Phoenix, AZ – Lost amongst a sea of Toyota Camrys, Honda Accords, and other Japanese imports is an island of Harley-Davidsons and chopper motorbikes belonging to armed protestors. This is the scene at todays anti-Islam protest in a Phoenix area mosque parking lot. The demonstrators, largely comprised of local-area biker gangs, had their motorcycles boxed in by Muslim latecomers oblivious to conventional parking protocol.
“I’m late for work!” exclaimed Jon Dougin, a frustrated protestor and self-proclaimed patriot. “My damn bike’s surrounded by three cars and I can’t go nowhere! Never seen these many Camrys in my life!”
The anti-Islam protestors maintain they are peaceful, as many brandish semi-automatic weapons while families with children walk past.
“There I was gripping my TEC-9, sneering at some raghead toddler,” said a peaceful protestor who goes by the name Haterade.
Haterade was shocked to witness such blatant disregard of parking etiquette, remarking, “Who are these savages?!?”
Another biker claimed he wasn’t part of the biker gang rally, but rather part of the Muslim Tableeghi Jama’at.
Demonstrators were further frustrated by the Muslims’ lack of punctuality, having to endure the congregation’s hour-long delay. Inside the mosque, leaders could be heard over the P.A. system announcing a long list of makes, models and license plates of cars allegedly blocking protestors’ motorcycles.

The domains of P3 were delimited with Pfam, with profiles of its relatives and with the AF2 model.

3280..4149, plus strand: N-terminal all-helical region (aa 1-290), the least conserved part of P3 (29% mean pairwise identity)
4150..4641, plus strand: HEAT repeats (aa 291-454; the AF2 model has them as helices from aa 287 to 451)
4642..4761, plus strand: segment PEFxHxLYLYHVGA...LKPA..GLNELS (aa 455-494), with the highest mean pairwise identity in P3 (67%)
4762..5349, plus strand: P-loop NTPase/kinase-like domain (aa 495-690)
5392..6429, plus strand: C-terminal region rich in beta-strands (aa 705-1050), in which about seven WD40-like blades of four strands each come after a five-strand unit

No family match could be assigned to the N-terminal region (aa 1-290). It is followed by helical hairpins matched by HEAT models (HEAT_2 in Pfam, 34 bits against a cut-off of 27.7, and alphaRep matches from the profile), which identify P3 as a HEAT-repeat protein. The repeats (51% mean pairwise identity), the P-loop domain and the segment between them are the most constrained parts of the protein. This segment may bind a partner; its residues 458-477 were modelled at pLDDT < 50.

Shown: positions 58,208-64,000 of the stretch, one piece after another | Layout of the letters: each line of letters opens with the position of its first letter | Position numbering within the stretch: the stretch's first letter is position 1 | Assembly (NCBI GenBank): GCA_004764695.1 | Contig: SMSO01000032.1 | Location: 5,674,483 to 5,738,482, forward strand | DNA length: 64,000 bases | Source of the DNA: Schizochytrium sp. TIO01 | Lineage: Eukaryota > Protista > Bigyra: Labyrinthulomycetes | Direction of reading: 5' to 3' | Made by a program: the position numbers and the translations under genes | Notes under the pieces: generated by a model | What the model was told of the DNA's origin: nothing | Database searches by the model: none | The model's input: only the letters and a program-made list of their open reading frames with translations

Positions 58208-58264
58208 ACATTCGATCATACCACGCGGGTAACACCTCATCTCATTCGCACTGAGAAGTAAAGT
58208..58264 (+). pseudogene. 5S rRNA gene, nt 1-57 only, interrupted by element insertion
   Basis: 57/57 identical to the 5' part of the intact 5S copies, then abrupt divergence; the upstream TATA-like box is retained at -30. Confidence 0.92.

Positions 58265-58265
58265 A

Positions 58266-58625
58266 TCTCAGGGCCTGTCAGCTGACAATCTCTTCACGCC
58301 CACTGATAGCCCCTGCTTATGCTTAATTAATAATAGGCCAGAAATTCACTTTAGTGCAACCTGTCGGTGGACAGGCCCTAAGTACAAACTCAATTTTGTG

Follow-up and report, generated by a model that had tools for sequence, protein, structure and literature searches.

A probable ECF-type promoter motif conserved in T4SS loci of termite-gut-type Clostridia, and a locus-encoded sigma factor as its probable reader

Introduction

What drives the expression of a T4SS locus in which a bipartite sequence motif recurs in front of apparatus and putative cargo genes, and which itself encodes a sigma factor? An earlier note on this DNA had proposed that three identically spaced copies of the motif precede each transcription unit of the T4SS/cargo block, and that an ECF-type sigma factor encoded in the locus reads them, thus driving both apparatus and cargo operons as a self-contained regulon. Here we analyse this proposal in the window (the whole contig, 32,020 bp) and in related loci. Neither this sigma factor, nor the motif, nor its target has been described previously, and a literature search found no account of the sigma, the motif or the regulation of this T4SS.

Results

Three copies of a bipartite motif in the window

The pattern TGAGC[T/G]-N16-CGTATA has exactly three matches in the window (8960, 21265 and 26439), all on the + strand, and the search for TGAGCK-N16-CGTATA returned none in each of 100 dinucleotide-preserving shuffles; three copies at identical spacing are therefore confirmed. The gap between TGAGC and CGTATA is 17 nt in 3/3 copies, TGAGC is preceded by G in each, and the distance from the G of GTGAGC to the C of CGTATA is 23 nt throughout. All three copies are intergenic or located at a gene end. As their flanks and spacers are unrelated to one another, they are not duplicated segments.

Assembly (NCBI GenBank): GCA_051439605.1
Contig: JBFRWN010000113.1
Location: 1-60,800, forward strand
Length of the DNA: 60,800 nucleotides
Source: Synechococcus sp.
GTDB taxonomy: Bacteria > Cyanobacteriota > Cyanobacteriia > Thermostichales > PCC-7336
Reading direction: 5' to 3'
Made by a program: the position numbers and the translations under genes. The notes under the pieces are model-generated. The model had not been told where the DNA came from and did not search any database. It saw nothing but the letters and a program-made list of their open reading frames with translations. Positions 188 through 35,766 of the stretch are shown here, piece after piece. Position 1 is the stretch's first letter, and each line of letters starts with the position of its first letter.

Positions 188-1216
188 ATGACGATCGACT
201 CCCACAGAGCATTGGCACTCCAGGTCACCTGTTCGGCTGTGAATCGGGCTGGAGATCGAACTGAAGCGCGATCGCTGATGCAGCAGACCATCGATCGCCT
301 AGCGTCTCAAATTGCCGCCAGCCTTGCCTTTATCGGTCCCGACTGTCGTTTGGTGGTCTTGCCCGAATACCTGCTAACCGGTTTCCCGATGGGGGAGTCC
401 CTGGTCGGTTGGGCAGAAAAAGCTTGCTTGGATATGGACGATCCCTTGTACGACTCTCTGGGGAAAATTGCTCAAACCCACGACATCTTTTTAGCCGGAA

“Brothers, I tell you every damn week. If you’re blocking cars in the parking lot, move out right away,” announced Kamal Ashfaq, director of the Islamic Community of Phoenix. “That principle also applies to motorcycles and, should the need arise, unicycles.”
Delayed, some confused and hungry protestors succumbed to their hunger and bought food being sold for a mosque fundraiser, including tea and middle-eastern shwarmas.
“I heard they were selling beer,” said Haterade. “But it’s really some [expletive] they call Beer Yaani? Anyways it’s [expletive] delicious.”
As of 4PM, a small group of demonstrators could still be seen sitting on their bikes waiting for the remaining congregants to move their cars. Out of the estimated 30 rally participants, six are believed to have converted to Islam.